When did President Bush learn that Karl Rove, his senior adviser, leaked intelligence information to at least one reporter about the identity of a CIA agent in July 2003?
Did Bush ask Rove two years ago, when Rove’s name first surfaced with the leak, if he had disclosed confidential information only available to those with a high-level of national security clearance? <?xml:namespace prefix = o ns = “urn:schemas-microsoft-com:office:office” />
If not, why didn’t the president ask that question of one of his most trusted, long-tenured friends? If he did, and Rove told him the truth, did Bush ask Rove what motivated such an action?
When Bush said that his staff was expected to cooperate fully with investigators, did he really mean what he said, and does mean it now?
After Rove was revealed as the source of secret information leaked to a Time magazine reporter, did Bush ask Rove this week why he had lied repeatedly about his involvement?
Please don’t read these questions as legal questions. Read them as moral questions.
The central moral concern here is whether Bush will practice what he preaches about an era of personal responsibility.
The talk-but-no-walk ethic is an example of moral relativism. When leaders fail to do what they say, their credibility diminishes, and that contributes to the erosion of a moral society.
“My first goal is to usher in the responsibility era,” said presidential candidate Bush in <?xml:namespace prefix = st1 ns = “urn:schemas-microsoft-com:office:smarttags” />Cedar Rapids in 1999. “An era that stands in stark contrast to the last few decades, when the culture has clearly said: If it feels good, do it. If you’ve got a problem, blame someone else.”
Candidate Bush said: “Some people think it’s inappropriate to draw a moral line. Not me. For our children to have the lives we want for them, they must learn to say yes to responsibility, yes to family, yes to honesty and work. I have seen our culture change once in my lifetime, so I know it can change again.”
When the Justice Department announced in September 2003 that it was investigating the CIA leak, at the request of the CIA, Bush said, “If anybody has got any information inside our administration or outside our administration, it would be helpful if they came forward with the information so we can find out whether or not these allegations are true and get on about the business.”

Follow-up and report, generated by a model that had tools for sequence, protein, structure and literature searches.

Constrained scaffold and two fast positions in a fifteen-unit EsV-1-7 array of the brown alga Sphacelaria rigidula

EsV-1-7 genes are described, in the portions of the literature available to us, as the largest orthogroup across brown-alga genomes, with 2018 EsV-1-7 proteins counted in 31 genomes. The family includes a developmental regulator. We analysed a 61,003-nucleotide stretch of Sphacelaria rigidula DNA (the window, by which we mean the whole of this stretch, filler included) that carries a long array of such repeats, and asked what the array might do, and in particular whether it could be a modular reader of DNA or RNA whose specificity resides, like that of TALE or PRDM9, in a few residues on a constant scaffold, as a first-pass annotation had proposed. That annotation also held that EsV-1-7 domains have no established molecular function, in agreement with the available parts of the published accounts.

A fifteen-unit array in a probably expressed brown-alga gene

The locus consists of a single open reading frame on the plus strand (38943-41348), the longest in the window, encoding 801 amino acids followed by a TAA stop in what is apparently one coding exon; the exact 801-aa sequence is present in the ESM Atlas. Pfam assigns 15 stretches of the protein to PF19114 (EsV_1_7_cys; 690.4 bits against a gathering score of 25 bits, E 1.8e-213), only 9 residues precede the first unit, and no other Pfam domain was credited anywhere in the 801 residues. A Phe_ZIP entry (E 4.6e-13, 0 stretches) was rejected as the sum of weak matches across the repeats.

Asked if he had talked to Rove, Bush said he wanted people “who have got solid evidence” to “come forward and speak out.”
“We’ll get to the bottom of this and move on,” he promised. “But I want to tell you something—leaks of classified information are a bad thing.”
In June 2004, Bush was asked if he would fire a staff member who leaked the name of a CIA agent. He answered, “Yes.”
Yesterday, with Rove sitting behind the president’s left side in the White House conference room, Bush told reporters, “I will be more than happy to comment on this matter once this investigation is complete.”
He said, “I have instructed every member of my staff to fully cooperate in this investigation.”
Bush has had more than enough time over the past two years to resolve this matter with Rove and to take appropriate action. His failure to do so discloses a half-hearted commitment to usher in the responsibility era in his own administration. If Bush is unwilling or unable to get his own administration to be responsible, then how can he influence the nation?
At the heart of the Rove scandal is the integrity of the Bush White House, which already hangs by the thinnest shreds of moral credibility resulting from the war in Iraq, where this whole sordid matter of leaked national security material to discredit a war critic got started.
Bush needs to do the right thing, not stonewall and hope that the American public loses interest.
The restoration of moral credibility begins with acts of integrity.
Robert Parham is executive director of the BaptistCenter for Ethics.